The Catholic Reformation

By Michael A. Mullett | Go to book overview

7

The Catholic Reformation and the arts

In this final chapter we shall consider the relationship between the Catholic renewal of the sixteenth and seventeenth centuries and the arts used as media for purposes of doctrinal instruction and the raising of religious consciousness. We shall review the art forms of architecture, painting, literature, theatre and music—looking very selectively at a few representative architects, painters, authors and musicians, and we shall consider the question of the baroque as, so to speak, the ‘house style’ of the Catholic Reformation.

The concept of the baroque, deriving in the first instance from architecture, has been extended to cover all the arts, and even lifestyle or the wider Zeitgeist of seventeenth-century Europe: what Skrine calls ‘baroque culture in its broadest sense’, and including, in Friedrich’s definition, moral excess and extremism of behaviour. Indeed, excess, distortion and fantasy have often been seen as the essence of baroque building and the characteristics of some of its best-known practitioners: ‘dramatic fantasy’, for example, is said to have been the hallmark of the architect Francesco Borromini (1599-1667), while the German and Austrian masters of baroque architecture such as Johann Bernhard Fischer von Erlach (1656-1723), the brothers Cosmas Damian Asam (1686-1739) and Egid Quirin Asam (1692-1750) and Balthasar Neumann (1687-1753) are said to have exhibited ‘reckless extravagance’ (Friedrich). The identification of irregularity as the guiding feature of baroque is, indeed, implicit in the very etymology of the word, which may have been derived from the Portuguese term for a rough-shaped pearl. If baroque represents distortion, though, from what standards is it supposed to have been an aberration? A common view is that baroque means a radical, indeed a revolutionary, departure—Beny and Gunn call Borromini the exponent of a ‘revolutionary’ art—from the canons of geometric regularity and rational beauty upheld above all in the classicist art of the Renaissance and in its acknowledged masters such as the primary architect of St Peter’s, Donato Bramante (1444-1514), and the theorist of neo-classical architecture based on ancient Roman models, Andrea Palladio (1518-80). In the eighteenth century hostile critics of the baroque led by the ardent classicist Johann Joachim Winckelmann (1717-68) employed the term baroque, as Friedrich says, ‘to describe works of art and architecture which did not meet the standards they believed to have eternal validity as “classic” forms of beauty’. Further, baroque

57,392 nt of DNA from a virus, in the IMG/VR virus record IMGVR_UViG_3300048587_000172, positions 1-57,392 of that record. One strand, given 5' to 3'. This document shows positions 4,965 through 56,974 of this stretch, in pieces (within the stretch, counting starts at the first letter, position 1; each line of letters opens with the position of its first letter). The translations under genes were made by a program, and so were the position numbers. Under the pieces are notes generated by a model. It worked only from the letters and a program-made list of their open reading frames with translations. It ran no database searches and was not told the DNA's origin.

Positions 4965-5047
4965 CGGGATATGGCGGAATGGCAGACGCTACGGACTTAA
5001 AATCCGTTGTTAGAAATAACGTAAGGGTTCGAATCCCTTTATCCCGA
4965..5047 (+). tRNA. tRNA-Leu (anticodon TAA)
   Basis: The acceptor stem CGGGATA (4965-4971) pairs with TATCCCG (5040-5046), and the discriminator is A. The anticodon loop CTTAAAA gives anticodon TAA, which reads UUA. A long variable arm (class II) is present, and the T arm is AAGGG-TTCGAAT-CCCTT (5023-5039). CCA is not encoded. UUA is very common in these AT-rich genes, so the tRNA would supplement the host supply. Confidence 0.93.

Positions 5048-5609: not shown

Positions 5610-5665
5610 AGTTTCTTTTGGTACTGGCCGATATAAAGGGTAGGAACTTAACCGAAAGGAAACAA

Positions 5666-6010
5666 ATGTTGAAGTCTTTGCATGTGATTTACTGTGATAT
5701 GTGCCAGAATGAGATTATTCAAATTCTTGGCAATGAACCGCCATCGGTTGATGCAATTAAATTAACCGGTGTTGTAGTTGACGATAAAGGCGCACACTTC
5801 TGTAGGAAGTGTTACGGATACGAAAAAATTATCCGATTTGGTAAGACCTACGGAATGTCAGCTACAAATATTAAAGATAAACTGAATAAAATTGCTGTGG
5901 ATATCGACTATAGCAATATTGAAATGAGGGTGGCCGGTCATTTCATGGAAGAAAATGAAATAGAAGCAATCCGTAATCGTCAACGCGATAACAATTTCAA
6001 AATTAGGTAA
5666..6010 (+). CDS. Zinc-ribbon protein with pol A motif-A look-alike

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The Catholic Reformation
Table of contents

Table of contents

  • Title Page iii
  • Contents vii
  • Preface ix
  • 1 - ‘reform in Head and Members’ 1
  • 2 - The Council of Trent and the Catholic Reformation 29
  • 3 - New Religious Orders 69
  • 4 - The Papacy and the Episcopate of the Catholic Reformation 111
  • 5 - The Impact of the Catholic Reformation 142
  • 6 - The Catholic Reformation and the People 175
  • 7 - The Catholic Reformation and the Arts 196
  • Notes 215
  • Index 247
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